Diamond Jubilee Marathon Blog Day One

Lloyd Scott’s Diamond Jubilee Marathon Blog:

Day One

The suit was ready, the support team was in place, CNN’s media team were waiting patiently for an interview with ‘The Man who Refuses to be Beaten’ and Lloyd himself was mentally preparing himself to take his first step of ‘The Diamond Jubilee Marathon’.

Sir John Major arrived and shared his good wishes as Lloyd, and his support team led by famous Englishman and ‘The Great Cricketer’ WG Grace, took their places to walk ‘one step behind’ this most amazing man who has raised nearly #5 Million for charitable causes in his life so far..

Sir John’s pre-race talk centred around England’s Test match hope sand also Chelsea’s European Cup success, all of which helped to take Lloyd’s mind off the grueling journey he was about to commence.

With photographers in place, and a good luck kiss from Lucinda Lord. (Lloyd’s loving partner)Lloyd donned his Deep Sea Diver’s helmet for the first time and against the backdrop of Buckingham Palace, took his first steps on a long journey.

As the first person to (hopefully) complete The Olympic Marathon course, Lloyd was full of motivation and with the public’s support, he will find further inspiration to take each and every step on behalf of The Queen Elizabeth Diamond Jubilee Trust. Like so many, Lloyd has the utmost respect for the person he calls: ‘‘the most loved, and respected woman in the world.’’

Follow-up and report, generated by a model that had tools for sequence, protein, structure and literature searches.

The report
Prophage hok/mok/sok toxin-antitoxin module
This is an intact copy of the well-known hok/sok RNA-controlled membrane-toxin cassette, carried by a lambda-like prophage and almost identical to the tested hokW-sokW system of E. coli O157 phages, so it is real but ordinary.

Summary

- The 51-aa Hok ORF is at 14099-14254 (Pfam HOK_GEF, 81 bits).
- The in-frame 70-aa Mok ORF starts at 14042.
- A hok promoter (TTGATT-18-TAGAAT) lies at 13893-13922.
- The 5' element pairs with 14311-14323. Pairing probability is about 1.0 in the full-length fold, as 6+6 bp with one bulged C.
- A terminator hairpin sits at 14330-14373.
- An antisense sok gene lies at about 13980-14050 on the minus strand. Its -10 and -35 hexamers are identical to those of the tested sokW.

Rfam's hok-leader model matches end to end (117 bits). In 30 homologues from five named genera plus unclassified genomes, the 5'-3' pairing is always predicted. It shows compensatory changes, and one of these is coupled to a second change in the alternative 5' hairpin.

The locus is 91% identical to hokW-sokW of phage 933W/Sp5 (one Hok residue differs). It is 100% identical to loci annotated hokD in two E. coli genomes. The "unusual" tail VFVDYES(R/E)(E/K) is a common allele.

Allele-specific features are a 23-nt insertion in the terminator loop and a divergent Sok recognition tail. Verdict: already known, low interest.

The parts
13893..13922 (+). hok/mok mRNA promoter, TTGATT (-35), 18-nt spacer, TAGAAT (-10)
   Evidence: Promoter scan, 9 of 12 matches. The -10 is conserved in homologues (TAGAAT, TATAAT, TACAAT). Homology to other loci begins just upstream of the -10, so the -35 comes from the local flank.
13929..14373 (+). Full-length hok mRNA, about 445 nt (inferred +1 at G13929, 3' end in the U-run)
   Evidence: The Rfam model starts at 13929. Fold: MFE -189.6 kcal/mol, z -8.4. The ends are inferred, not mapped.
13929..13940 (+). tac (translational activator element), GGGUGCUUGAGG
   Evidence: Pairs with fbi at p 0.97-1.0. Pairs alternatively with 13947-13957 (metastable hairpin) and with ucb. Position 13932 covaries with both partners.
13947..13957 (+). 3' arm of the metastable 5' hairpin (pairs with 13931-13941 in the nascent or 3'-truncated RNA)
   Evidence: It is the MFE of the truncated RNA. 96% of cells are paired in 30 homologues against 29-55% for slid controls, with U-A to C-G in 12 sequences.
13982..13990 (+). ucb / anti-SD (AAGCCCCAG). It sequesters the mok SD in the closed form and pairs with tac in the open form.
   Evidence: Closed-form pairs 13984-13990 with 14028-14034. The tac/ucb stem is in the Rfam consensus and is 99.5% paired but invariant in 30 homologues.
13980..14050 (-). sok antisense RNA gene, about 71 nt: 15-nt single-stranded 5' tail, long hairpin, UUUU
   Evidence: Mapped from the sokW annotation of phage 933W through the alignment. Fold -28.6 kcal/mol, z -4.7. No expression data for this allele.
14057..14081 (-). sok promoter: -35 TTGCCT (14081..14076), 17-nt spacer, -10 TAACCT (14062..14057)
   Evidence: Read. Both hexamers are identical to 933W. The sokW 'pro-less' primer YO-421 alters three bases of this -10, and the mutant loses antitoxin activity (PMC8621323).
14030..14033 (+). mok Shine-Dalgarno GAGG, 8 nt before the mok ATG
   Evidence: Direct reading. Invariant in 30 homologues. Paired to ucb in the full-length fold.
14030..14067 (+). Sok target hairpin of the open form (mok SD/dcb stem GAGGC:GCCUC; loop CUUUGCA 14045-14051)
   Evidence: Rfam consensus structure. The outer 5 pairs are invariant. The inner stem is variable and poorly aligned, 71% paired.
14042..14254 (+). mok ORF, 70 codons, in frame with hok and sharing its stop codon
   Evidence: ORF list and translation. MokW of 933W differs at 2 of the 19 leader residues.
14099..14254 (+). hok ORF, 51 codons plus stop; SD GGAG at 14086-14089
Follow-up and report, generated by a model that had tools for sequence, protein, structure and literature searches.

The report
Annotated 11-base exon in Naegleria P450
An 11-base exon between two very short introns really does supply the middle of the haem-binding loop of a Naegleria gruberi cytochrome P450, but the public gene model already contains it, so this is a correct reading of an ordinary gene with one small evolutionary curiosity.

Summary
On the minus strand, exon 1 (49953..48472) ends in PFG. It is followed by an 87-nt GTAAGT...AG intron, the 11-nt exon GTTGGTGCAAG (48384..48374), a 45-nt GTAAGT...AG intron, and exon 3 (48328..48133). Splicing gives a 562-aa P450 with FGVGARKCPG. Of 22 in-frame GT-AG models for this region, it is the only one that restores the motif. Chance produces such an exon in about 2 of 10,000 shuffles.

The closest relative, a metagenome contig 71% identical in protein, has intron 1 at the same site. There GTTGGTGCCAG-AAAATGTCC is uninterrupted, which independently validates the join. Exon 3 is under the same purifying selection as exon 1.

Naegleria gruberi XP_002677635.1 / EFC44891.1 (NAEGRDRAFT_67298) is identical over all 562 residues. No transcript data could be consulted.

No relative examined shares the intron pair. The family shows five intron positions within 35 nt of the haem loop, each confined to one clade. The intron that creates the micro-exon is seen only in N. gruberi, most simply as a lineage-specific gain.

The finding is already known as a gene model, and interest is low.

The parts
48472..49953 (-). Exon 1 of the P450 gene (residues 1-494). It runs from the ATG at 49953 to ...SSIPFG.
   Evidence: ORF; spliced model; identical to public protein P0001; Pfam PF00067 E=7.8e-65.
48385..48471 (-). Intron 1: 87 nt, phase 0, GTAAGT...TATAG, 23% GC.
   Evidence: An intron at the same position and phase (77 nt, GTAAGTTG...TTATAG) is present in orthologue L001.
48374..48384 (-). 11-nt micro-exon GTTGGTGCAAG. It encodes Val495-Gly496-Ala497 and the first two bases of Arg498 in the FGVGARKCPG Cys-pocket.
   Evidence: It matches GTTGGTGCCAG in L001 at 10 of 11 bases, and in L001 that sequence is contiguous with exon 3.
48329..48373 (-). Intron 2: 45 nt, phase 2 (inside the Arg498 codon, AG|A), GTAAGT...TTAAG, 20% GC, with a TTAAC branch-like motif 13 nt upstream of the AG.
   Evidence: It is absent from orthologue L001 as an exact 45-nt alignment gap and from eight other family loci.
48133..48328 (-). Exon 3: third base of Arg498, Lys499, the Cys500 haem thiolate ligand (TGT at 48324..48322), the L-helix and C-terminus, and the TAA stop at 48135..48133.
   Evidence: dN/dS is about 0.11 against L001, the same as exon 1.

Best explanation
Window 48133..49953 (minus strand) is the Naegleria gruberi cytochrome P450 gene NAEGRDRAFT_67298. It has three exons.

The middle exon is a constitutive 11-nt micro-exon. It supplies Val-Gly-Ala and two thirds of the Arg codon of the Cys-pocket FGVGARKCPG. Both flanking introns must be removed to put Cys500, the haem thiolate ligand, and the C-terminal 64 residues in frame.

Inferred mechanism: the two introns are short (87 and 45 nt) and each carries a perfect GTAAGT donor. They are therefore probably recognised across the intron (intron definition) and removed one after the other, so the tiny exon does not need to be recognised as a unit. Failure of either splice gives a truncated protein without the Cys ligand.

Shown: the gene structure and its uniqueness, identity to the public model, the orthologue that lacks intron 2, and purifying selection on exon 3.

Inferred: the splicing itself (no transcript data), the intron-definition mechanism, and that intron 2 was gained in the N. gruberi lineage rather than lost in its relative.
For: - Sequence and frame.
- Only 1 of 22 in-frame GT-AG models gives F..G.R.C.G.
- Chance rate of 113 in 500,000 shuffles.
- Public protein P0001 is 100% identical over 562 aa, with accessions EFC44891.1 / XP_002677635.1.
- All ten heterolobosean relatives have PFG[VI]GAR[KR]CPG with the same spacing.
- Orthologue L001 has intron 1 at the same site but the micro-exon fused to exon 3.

Inspired by Her Majesty The Queen’s remarkable 60-year reign, Lloyd and his support team spent the morning sharing with the public the reasons behind his ‘extreme marathon and also the six projects to commemorate each decade of The Queen’s reign to be supported by the Trust. Collecting buckets filled and people applauded while cars, taxis and lorries were tooted by their enthusiastic well-wishing drivers.

To add an athletic angle to the day, the group were grateful to receive special messages of support from legendary athletes Sir Steve Redgave, Paula Radcliffe, and also Lloyd’s favourite all-time athlete Steve Ovett who got in touch from Australia.

Along the route, the conversation was filled with great stories and good humour – especially when we reached Parliament Square in searing heat. Fittingly we rested under the statue of Sir Winston Churchill to get some shade and further inspiration. His seven most famous words rang out:
‘‘Never give up. Never, ever give up.’’

And so we walked, and kept walking….

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